onsdag 31. juli 2013

Vi hands - Upgrade!

I really liked my first set of hands, but good can be better. So this is how I built my initial hands and this is how they looked. And here is a link to tutorials of all the other parts of the Vi costume.

Photo: Pål Andresen

There are several things I wanted to do better
  • More dimension on the back of the hand, it looks a little flat from the side. 
  • Better blue crystal, again too flat.
  • Better finger joints
  • Overall better finishing on details
  • And make it steam!
And this is how I solved these issues.

More dimension
In short add more foam, which means everything have to be repainted. I only had to build up on the very top and the lower part of the hand, and to make it a little easier for my self, I covered some of the surfaces with card board. This is because the foam is very porous and it would take some filler to get that smooth surface which again means more weight (I am a puny girl, make it light weight please).

Close ups of what have been added. 

Then I evened out the surface with filler and repainted the body. 

And this is why you should weather and add more than one color. On the left mono chromatic gold, on the right gold, warm brown and dark brown (and still more to come)

That blue crystal
I made a mold for either vacuum shaping or cast in resin. My first attempt on the resin cast was a failure, and since I finally found a workshop with a thermo vacuum machine this would make a more light weight crystal. (I'm not kidding, every gram counts for me when carrying these).

The crystal was made with paper clay around a tin foil core, sanded down and covered in spray paint (gold was closest apparently).

The cast/pull was made from transparent thermo plastics which I spray painted blue on the inside. 

The fingers
The springs I used initially did not create enough tension to flex the fingers, so I added small strips of plastic (from el strips actually)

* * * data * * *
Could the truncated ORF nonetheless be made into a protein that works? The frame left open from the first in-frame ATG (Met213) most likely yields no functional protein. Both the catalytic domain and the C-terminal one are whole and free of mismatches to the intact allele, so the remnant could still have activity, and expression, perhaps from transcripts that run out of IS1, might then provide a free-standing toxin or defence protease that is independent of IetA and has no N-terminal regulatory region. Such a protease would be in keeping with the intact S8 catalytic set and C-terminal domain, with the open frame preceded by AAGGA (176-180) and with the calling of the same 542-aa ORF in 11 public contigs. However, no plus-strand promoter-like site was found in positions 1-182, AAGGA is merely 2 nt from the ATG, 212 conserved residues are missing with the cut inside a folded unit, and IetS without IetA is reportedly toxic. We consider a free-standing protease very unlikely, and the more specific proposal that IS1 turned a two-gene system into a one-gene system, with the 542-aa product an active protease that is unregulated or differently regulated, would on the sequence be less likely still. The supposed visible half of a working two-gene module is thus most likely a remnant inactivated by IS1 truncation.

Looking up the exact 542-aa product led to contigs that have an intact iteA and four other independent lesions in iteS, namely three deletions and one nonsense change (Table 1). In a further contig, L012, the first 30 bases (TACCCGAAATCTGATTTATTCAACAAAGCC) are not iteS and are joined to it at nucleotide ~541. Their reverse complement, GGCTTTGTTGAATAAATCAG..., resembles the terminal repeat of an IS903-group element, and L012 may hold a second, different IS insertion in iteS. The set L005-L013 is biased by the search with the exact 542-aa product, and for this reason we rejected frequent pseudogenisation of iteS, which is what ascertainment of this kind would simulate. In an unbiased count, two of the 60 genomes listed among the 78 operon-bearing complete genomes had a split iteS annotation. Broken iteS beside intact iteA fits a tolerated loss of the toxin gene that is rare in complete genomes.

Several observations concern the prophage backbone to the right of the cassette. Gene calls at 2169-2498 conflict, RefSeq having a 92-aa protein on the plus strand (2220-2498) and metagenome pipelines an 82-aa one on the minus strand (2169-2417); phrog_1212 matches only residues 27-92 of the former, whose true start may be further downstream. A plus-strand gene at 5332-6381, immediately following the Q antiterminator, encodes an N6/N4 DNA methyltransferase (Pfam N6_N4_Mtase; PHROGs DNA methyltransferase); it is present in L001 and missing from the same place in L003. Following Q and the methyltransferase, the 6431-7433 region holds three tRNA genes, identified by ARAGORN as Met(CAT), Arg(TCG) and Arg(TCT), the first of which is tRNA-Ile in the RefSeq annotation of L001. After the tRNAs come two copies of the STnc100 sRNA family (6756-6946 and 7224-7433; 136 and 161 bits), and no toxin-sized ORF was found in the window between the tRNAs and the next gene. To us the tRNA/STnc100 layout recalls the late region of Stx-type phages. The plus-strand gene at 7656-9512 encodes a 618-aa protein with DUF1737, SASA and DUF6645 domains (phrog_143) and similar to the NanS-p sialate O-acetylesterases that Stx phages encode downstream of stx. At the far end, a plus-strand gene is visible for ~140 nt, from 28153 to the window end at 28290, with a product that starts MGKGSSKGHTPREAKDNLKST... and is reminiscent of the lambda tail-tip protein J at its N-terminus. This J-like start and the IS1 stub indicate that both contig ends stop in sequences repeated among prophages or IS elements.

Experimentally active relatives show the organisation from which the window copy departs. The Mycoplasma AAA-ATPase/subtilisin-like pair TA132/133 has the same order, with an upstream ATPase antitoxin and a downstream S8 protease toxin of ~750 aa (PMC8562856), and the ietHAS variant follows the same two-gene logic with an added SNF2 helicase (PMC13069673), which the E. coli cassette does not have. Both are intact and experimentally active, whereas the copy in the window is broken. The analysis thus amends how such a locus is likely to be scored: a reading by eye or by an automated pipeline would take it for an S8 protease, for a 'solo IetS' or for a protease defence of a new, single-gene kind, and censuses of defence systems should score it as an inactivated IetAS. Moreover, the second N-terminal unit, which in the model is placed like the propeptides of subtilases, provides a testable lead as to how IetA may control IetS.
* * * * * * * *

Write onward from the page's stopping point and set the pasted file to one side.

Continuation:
The fishline going through the finger

And the fishwire goes into the base and a key chain ring.

I even filmed and tried to explain better how they work. 

Make it steam!
I am a sucker for extra features, it already glowed and moved the fingers, so the next level is making it steam like it does in the animated login video. 

Luckily the base of the hands are hollow, so I have room to integrate the steam system. You can see the result in the video of my performance a little further down. Later I will film the gloves close up and how the steam works.  

How did I do it you wonder? I started with a smoke detector tester which emits a non toxic gas. 

To activate it I used a small model plane servo, a battery pack and a servo tester, because the servo doesn't start spinning unless there is a signal telling the rotor which position it shall stand in. Just hooking the servo to a battery just won't do it (I learned that from trial and error).

Then I just needed to attach the servo to the spray can nozzle, clay and gaffa did it. In the video below you can see how it works before I install it inside the hand. 

My Fantastic smoke effect. 

Photo: Tobias Keijser

Finished hands
This is how it looks now with integrated steam, lights detailing and the shit. And a video of my performance, steam in action. 

And here are a few shots of the upgraded hands

Smash rock!
Vi cosplay
Photo by: Joacim Schwartz

tirsdag 30. juli 2013

Nordic Cosplay Championship (NCC)

Woah, Närcon and NCC is over, and I had the best time. I was part of the Nordic Cosplay Championship competition and I won third place with my Vi costume, OMG. This is so big, and this competition is definitely the biggest I have entered. A big congratulation to first place winner Shinji Cosplay and to Riku-Risa for second place, both amazing cosplayers from Denmark. 

Photo by: Joacim Schwartz

If you haven't heard of NCC before then let me give you a short introduction. Last year Närcon arranged the first competition where they put some of the best cosplayers from all of the Nordic countries up on stage to compete the the Nordic title. In difference from the traditional competition this competition focuses more on stage shows, letting the contestants use light, music, video, stage props and assistants to create a great show.